You can’t really blame James Taylor for trying to replicate 1975’s Top Ten album Gorilla; what’s noteworthy is how well he succeeded. Again spotlighting his soft-rocking ways with help from an A-list of guest stars (Stevie Wonder, Art Garfunkel, David Crosby, Graham Nash and Bonnie Raitt, among others), In The Pocket finds Taylor exploring deeper in the direction of both the light (the positively glowing affirmations “Shower The People” and “Golden Moments”) and the dark (the brutally honest “Junkie’s Lament” and the haunted “Daddy’s All Gone”). Even brighter tunes like the witty “Money Machine” and the soulful “Woman’s Gotta Have It” carry a shadowy undercurrent that suggests all is not well in Taylor’s world. Still, the overall tone is warm as ever on another album full of Taylor’s trademark self-deprecating wisdom.

5. New Moon Shine (1991)jamestaylor_newmoon

By 1991 Taylor was a well-established summer touring machine in need of a second comeback as a studio artist, which he delivers here. This appealing return to form is fueled by sparkling story-songs both autobiographical and not (“Copperline” / “The Frozen Man”), grooving r&b (“Got To Stop Thinkin’ ’Bout That”), soaring gospel (“Shed A Little Light”) and one of his better classic-soul covers (Sam Cooke’s “Everybody Loves To Cha Cha Cha”). Even secondary tracks like “Slap Leather” and “Like Everyone She Knows” feel a cut above many of their peers in Taylor’s catalog, with the result that the smartly crafted and consistently engaging New Moon Shine remains the strongest album of Taylor’s career that wasn’t released in the ’70s.

jamestaylor_mudslide_1504. Mud Slide Slim And The Blue Horizon (1971)

A strong if less consistent follow-up to Sweet Baby James, Mud Slide Slim—another of the many nicknames Taylor picked up over the years and miles—nonetheless contains a number of great songs. Taylor’s heartfelt cover of his friend and occasional bandmate Carole King’s “You’ve Got A Friend” topped the singles chart and ensured the two artists would be associated for life. Upbeat, clever tunes like the soaring “Love Has Brought Me Around” and blue-eyed-funky “Let Me Ride” show off Taylor’s chummy charisma, while more contemplative numbers like “Hey Mister That’s Me Up On The Jukebox” and “Long Ago And Far Away” feel almost like hymns. And “You Can Close Your Eyes” transcends its author’s own catalog, a ballad of such piercing tenderness and stark simplicity that it’s nearly an American standard itself.

3. Gorilla (1975)jamestaylor_gorilla_150

Taylor’s star had waned noticeably through the relative misfires of One Man Dog and Walking Man; he needed to come back strong next time around, and achieved that goal with the confident, appealing Gorilla. Fueling its success were a pair of hit singles, James’ own steady-rocking “Mexico” and an ebullient cover of the Motown classic “How Sweet It Is (To Be Loved By You).” The other secret, though, was consistency; Gorilla’s second-tier tracks are among the strongest representatives of that category in JT’s entire catalog, highlighted by the sunny “Music,” the wistful road song “Wanderin’,” the playful title track, the sweeping blues ballad “You Make It Easy” and the luminous “Lighthouse,” featuring harmonies from Crosby and Nash. That consistency carries all the way through the final notes of his heartwarming lullaby for daughter Sally, “Sarah Maria”; Gorilla is one of those rare albums that simply never falters.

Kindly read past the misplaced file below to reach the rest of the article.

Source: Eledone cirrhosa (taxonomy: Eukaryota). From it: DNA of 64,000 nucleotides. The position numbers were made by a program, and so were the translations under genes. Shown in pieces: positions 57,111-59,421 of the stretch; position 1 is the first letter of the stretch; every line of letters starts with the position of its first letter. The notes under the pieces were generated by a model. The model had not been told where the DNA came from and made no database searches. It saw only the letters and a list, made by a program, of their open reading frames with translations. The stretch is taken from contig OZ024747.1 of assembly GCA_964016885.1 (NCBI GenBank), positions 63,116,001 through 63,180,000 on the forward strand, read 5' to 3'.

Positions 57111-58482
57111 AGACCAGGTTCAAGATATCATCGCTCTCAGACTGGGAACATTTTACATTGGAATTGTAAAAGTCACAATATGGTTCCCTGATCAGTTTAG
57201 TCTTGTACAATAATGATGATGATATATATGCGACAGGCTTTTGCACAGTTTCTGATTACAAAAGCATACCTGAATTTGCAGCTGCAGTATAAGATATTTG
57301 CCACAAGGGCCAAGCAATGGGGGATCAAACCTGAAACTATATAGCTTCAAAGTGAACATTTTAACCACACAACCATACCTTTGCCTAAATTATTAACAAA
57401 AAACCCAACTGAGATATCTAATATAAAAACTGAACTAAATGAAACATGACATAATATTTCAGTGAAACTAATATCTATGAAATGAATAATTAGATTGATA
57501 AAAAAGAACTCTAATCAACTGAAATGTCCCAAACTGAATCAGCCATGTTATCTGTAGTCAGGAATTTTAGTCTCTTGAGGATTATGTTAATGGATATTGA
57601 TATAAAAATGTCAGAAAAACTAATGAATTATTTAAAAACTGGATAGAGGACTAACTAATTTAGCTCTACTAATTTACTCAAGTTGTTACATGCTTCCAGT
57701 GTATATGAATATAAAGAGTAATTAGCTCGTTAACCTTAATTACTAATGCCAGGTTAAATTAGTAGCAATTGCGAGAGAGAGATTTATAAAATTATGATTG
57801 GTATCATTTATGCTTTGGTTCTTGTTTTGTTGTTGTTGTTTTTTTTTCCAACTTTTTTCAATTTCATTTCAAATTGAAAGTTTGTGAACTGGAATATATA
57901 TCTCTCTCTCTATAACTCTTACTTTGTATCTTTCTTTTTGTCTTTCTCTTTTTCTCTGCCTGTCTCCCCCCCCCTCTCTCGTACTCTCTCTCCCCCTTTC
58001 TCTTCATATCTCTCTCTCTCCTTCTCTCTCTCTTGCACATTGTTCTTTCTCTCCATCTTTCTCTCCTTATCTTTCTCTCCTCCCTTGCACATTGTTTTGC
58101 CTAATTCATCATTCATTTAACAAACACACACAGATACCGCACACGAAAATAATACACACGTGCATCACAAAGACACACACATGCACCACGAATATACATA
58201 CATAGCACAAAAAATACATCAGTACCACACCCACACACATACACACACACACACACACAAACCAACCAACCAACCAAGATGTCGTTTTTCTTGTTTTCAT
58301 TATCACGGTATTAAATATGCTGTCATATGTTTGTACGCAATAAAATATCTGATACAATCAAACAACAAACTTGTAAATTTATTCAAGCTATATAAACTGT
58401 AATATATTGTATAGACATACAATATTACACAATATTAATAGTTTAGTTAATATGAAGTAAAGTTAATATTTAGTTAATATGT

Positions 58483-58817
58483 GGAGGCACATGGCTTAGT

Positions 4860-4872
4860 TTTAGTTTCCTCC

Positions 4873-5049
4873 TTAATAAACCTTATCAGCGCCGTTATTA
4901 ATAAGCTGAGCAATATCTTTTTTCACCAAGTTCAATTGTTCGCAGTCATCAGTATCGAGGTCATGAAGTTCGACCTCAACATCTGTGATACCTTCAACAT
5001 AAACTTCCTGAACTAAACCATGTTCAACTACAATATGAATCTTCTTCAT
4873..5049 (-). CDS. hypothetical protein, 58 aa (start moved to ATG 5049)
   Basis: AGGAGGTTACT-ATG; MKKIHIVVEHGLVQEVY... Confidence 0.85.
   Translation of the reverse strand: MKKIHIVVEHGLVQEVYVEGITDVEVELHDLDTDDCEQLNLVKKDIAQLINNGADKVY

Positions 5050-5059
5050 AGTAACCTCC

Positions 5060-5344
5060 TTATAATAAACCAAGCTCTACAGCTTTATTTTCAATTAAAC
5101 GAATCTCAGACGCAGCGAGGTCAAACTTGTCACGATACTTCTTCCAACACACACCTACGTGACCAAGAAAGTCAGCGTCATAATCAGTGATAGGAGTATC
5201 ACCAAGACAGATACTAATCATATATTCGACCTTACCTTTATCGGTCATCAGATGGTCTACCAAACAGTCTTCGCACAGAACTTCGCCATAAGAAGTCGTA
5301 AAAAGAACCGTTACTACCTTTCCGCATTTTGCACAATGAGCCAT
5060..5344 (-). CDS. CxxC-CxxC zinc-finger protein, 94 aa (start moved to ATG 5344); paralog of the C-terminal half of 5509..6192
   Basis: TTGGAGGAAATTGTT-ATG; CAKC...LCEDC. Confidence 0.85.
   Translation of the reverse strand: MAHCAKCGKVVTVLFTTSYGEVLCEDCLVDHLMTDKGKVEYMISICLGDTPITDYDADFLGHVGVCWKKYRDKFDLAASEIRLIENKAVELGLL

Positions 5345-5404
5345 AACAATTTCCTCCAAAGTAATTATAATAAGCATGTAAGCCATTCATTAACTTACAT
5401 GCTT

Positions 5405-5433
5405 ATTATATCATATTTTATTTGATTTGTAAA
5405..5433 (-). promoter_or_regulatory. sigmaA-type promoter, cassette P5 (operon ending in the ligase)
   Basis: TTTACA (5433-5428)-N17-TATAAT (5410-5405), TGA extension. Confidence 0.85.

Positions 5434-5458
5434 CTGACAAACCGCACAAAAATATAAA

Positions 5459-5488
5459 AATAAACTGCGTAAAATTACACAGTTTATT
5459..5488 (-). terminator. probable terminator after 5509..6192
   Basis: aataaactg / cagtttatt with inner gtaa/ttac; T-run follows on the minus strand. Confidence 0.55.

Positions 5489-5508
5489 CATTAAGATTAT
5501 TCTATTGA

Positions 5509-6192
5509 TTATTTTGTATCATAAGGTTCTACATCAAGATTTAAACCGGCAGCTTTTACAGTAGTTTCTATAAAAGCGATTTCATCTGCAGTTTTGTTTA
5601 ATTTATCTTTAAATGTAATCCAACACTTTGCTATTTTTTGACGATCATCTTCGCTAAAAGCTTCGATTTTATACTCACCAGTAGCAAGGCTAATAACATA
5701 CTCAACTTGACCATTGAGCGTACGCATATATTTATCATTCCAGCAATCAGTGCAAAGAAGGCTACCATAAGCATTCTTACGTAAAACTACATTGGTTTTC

jamestaylor_jt2. JT (1977)

“The one disc on which Taylor really lets his romantic optimism fly” remains a sentimental personal favorite, at its heart an extended love letter to then-wife Carly Simon. For the sometimes-dour JT, opening an album with the lilting soul-pop love anthem “Your Smiling Face” was revelatory, with his romantic exuberance only amplified by tender, stirring ballads “There We Are” and “Terra Nova.” Old pal and bandmate Danny Kortchmar contributes the buoyant r&b number “Honey Don’t Leave LA,” and even the secondary songs here shine, from the romping jazz-scat of “Traffic Jam” to the greasy-dive electric blues of “I Was Only Telling A Lie.” Not to mention the album’s big hit, a yearning cover of Otis Blackwell’s “Handyman,” and Taylor’s iconic bit of acoustic philosophizing “Secret O’ Life.” JT might only contain a couple of individual songs that rank among the man’s very best, but as an album, it’s flawless.

1. Sweet Baby James (1970)jamestaylor_sweet_150

Four career-making songs—all remarkable for different reasons—were enough to push Taylor’s sophomore album to the top of the charts and put its author on the cover of Time magazine as the “face of new rock.” The latter circumstance surely didn’t help the man’s sobriety, but his career took off like a rocket on the strength of “Sweet Baby James” (a tender campfire ballad about his newborn namesake nephew), “Steamroller Blues” (a “churnin’ urn of burnin’ funk” if ever there was one), “Country Road” (a stirring celebration of solitude), and the immortal “Fire And Rain,” a stark, devastatingly honest examination of his mental health struggles that also eulogizes a friend who died by suicide. Taylor’s supporting cast on this album included future session aces Kortchmar and Russ Kunkel, and on piano, a fellow songwriter and emerging solo artist by the name of Carole King. Consistently ranked among the rock era’s greatest albums, the occasional dips in quality among Sweet Baby James’ secondary tracks are more than compensated for by its iconic peaks.